Tony Elvin

Tony Elvin

AirBnB is now in Cape Town township! Co-founder flies in to check it out

AirBnB co-founder Brian Chesky flies into Cape Town to see how Cape Town's Langa township is adopting AirBnB to uplift women and create more business opportunities.

Meet Linda Pona. She's hosting international guests weekly in her quaint home in Langa township. Traditional foods, apartheid stories and walking tours are all on offer.

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Airbnb’s African takeover: One-on-One with founder Brian Chesky

Brian Chesky’s story is the kind that start-up kids murmur to themselves at night in their parents’ basement, praying for a big break. Fresh out of college, Chesky and his roommate Joe Gebbia – both struggling industrial designers – couldn’t afford their rent one month in 2007. Because a big conference was taking place in San Francisco at the time, all hotel rooms were booked solid.

Spotting a cheeky chance to make some cash, Chesky and Gebbia bought three air mattresses and advertised their apartment as up for rent. “Airbed and breakfast” was born, complete with breakfast consisting of untoasted Pop Tarts. Ten years later, Airbnb is worth around $30-billion, making it the most valuable hospitality company in the world. The likes of Hilton Hotels, InterContinental and Marriott trail behind. read more 

Empowering Women in Social Enterprise: Airbnb, iKhaya le Langa Partner to Help Entrepreneurs Thrive

Today,  nine women entrepreneurs from Langa Township in Cape Town graduated from a program that will  help them boost their community by providing sustainable accommodation options to global travelers.
The graduates are the first class of hosts from iKhaya le Langa, a non-profit aimed at revitalizing the area through social enterprise and tourism. The organization has partnered with Airbnb to serve as a platform for these women to manage their businesses.
The nine women are all based in the Langa Quarter, an area of 13 streets with about 500 homes. .. read more

Making South Africa's Langa Quarter Cleaner, Safer, and Ready for Business | BK Live

Published on 27 May 2016

Tony Elvin is traveling around the world spreading the gospel of social development entrepreneurship. He's helping the Langa Quarter in South Africa, the first planned township in South Africa (AKA the oldest black quarter in the whitest area of Africa) become cleaner, greener, and safer to develop businesses

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Sexy plans for Cape Town’s oldest township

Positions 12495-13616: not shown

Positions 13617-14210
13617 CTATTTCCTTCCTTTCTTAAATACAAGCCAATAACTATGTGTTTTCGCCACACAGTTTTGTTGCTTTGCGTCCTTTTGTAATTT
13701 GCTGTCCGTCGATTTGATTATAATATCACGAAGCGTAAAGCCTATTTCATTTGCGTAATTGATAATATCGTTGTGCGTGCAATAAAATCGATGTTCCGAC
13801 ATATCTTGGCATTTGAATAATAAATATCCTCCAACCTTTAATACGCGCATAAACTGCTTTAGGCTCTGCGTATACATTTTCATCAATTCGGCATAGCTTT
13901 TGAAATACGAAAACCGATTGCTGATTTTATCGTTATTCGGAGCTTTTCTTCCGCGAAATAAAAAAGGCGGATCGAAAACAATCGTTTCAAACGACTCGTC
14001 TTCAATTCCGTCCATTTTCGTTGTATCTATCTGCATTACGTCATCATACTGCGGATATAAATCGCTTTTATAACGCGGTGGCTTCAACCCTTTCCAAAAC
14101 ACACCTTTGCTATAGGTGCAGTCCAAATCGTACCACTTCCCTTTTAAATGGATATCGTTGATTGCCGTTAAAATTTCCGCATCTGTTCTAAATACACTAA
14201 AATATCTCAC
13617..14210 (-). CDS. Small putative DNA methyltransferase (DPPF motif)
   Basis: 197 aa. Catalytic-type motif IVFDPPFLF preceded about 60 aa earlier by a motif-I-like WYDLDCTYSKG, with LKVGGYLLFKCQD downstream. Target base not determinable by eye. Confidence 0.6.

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06 May 2016 at 07:41am


Cape Town - When Cape Town scooped the best city in the world award in the UK Telegraph Travel Awards last month, more traditional reasons for the thumbs up included the wine, the pristine beaches, the Big 5 and how many rands could be bought with a pound sterling. 

But also on the list was the Langa Quarter, with the Telegraph writing that the area had become “one of the city’s most exciting districts, which is a testament to the creative and entrepreneurial talent of its residents”. “As well as jovial locals, the Langa Quarter abounds with colourful street art, late-night jazz bars and cosy cafés,” it said. The driving force behind the initiative is former Londoner Tony Elvin, who says he has big, bold and sexy plans for Cape Town’s oldest township. 

Elvin, who worked with Jamie Oliver at the London restaurant, Fifteen, and later set up a scholarship whereby chefs from South Africa were brought over to be trained there, first visited Cape Town in 2004. “I was only here for two weeks, but felt quite emotional leaving.” 

He moved to Cape Town a few years later and lived in upmarket Ruyteplaats in Hout Bay, where friends warned him not to go into the townships and never to make eye contact with those standing at the traffic lights. He set up a consulting business from “a beautiful office” in Heritage Square, but it was meeting two entrepreneurs from Langa that ignited his passion for the area where he now lives. “Langa was the most exciting place.

The people, the location, the history, the culture, the jazz – all of it.” Not that there weren’t challenges. He recalls how strange he found what he called “human safaris”, where “big coaches would drive through and tourists would take photographs out the window”. Elvin set up a non-profit organisation, Ikhaya le Langa, in an old disused primary school, which he is turning in a centre for enterprise and social development. The lead project is the Langa Quarter and the idea is to make the area “clean, green and safe” to attract investment and create employment opportunities for locals.

Read more / Original Post /by Helen Bamford, Cape Argus

22 reasons why Cape Town is the world’s best city

 5. It’s home to the Langa Quarter

Once described as an “apartheid dumping ground”, this 13-street township has become one of the city’s most exciting districts, which is a testament to the creative and entrepreneurial talent of its residents. As well as jovial locals, the Langa Quarter abounds with colourful street art, late-night jazz bars and cosy cafes. 

Original Link  | CREDIT: ALAMY | www.telegraph.co.uk/travel/